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Governor Raimondo Declaration of a State of Emergency due to COVID-19 and Implications for R.I. Employers

On March 9, 2020, Rhode Island Governor, Gina Raimondo, declared a state of emergency in response to the onset of the Coronavirus disease 2019 (“COVID-19”).  As part of her declaration, Governor Raimondo announced that the Rhode Island Department of Labor and Training (“RIDLT”) has established an assistance line that employers may contact regarding their COVID-19 employment-related questions and concerns.  The DLT can be reached at 401-462-2020 and via email at dlt.covid19@dlt.ri.gov.

In addition, the DLT also issued a “Workplace Fact Sheet” addressing COVID-19 concerns.  The Fact Sheet can be viewed at http://www.dlt.state.ri.us/pdfs/COVID-19%20Workplace%20Fact%20Sheet.pdf.  Pursuant to the DLT Fact Sheet, employers who either close their operations or require employees to remain home will be required to:

  1. Allow employees the use of all available paid or unpaid leave mandated by the Rhode Island Sick and Safe Leave Act;
  2. Allow employees the use of all available paid and unpaid leave as outlined under the employer’s leave policies and procedures; and
  3. Allow employees the use of available job-protected RIPFMLA leave

Based upon the DLT fact sheet, the State of Rhode Island is not requiring employers to compensate their employees, beyond available paid leave, for the time employees remain out of work.  To ease the financial burden placed on such employees, the DLT has announced that employees whose workplace remains open but are unable to work because they have been either diagnosed with COVID-19 or display symptoms related to the virus may be eligible for temporary disability insurance benefits (“TDI”).  Further, employees whose workplace is closed due to concerns related to COVID-19 may be eligible for unemployment insurance benefits (“UI”).  Given the urgency of the current circumstances, the DLT has filed emergency regulations that:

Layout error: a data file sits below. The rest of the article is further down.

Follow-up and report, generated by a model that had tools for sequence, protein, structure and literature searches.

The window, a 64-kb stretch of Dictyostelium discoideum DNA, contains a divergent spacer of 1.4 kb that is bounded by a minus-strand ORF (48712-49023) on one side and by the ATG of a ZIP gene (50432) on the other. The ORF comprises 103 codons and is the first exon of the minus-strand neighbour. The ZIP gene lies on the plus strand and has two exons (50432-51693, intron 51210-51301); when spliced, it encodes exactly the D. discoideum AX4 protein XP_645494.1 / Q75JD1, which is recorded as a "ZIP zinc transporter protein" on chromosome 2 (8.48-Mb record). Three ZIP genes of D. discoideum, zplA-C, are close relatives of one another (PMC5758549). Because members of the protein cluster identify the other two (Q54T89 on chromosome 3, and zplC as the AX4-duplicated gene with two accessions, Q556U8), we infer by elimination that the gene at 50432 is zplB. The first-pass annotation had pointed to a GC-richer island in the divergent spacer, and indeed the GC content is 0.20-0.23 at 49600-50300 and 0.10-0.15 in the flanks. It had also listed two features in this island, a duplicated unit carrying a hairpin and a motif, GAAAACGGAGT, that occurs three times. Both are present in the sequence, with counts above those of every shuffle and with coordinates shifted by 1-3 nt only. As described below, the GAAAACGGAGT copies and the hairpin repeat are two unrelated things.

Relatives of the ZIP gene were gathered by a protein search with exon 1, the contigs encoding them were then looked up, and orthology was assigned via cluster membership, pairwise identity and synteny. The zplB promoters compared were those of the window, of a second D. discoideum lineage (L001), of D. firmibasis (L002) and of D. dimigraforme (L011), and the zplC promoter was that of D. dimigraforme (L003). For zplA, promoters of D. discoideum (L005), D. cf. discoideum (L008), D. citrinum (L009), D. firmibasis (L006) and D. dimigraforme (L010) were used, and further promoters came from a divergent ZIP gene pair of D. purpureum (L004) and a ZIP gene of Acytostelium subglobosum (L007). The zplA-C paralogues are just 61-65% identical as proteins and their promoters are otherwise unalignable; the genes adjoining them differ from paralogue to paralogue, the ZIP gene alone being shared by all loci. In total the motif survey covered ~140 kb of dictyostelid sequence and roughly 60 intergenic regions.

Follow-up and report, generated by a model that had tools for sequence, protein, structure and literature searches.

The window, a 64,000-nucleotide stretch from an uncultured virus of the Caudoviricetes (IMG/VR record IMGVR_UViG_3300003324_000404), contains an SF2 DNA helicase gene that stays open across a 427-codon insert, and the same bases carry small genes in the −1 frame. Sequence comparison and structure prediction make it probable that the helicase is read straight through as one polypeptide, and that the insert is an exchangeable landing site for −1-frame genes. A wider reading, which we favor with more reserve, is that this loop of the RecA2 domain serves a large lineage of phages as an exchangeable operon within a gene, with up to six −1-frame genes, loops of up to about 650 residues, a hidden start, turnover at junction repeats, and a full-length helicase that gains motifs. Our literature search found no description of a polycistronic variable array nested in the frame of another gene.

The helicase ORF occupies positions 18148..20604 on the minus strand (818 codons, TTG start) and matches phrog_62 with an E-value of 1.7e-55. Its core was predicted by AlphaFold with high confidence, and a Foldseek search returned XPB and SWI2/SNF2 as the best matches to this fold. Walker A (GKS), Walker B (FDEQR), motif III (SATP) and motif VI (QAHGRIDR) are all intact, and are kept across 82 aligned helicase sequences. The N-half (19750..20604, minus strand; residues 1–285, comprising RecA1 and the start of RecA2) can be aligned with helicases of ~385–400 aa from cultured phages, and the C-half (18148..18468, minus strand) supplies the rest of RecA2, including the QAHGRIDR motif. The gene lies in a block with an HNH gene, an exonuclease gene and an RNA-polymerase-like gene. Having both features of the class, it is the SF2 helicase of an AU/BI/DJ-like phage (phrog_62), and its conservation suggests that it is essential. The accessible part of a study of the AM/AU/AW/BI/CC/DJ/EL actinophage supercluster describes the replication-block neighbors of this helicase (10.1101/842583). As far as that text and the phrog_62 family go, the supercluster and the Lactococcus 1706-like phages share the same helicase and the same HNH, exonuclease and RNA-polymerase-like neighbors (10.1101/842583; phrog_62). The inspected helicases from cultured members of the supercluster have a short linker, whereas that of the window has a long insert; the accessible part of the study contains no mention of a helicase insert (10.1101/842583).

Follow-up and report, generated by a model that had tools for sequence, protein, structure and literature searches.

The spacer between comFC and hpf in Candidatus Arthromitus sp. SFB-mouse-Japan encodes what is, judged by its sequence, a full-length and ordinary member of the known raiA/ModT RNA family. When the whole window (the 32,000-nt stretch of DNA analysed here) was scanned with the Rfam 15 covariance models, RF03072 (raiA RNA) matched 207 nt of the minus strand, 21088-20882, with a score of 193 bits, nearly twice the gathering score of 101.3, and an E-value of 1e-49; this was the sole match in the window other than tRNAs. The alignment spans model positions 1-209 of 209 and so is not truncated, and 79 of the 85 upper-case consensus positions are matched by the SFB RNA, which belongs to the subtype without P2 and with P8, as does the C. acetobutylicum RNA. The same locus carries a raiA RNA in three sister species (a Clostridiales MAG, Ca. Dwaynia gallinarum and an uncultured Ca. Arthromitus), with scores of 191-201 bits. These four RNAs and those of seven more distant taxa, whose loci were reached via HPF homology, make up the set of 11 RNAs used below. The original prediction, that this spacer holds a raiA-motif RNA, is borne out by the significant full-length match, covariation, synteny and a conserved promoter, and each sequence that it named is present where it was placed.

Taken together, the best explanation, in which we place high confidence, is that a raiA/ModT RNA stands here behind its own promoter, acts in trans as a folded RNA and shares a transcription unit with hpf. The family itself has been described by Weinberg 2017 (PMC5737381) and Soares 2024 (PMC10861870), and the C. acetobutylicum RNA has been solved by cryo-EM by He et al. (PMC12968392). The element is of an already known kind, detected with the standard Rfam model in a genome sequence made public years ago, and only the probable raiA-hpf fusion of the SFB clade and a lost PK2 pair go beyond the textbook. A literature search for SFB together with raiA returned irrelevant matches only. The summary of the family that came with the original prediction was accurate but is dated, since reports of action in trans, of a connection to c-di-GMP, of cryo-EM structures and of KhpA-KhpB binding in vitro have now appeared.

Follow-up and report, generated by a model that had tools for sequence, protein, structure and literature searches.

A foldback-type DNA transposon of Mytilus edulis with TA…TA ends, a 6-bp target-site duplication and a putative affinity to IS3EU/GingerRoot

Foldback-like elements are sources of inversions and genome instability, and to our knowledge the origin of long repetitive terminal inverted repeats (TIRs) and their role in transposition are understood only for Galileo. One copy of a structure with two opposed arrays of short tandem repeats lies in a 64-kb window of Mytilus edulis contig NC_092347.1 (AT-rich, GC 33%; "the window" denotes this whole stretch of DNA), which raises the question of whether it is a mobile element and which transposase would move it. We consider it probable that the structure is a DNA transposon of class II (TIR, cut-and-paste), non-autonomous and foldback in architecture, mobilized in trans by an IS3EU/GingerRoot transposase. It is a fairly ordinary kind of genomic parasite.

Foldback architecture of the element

1. Waive the seven-day waiting period for regular unemployment insurance claims;
  2. Waive the seven-day minimum amount of time that claimants must be out of work to qualify for TDI; and
  3. Waive the required medical certification for individuals under quarantine, and, instead, allow them to qualify via self-attestation as to the self-quarantine.

Businesses requiring additional guidance regarding the Governor’s declaration of a state of emergency, or the obligations to employees who are out of work due to COVID-19 outbreak, can contact Robert Brooks rbrooks@apslaw.com, Michael Chittick mchittick@apslaw.com

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Adler Pollock & Sheehan P.C.

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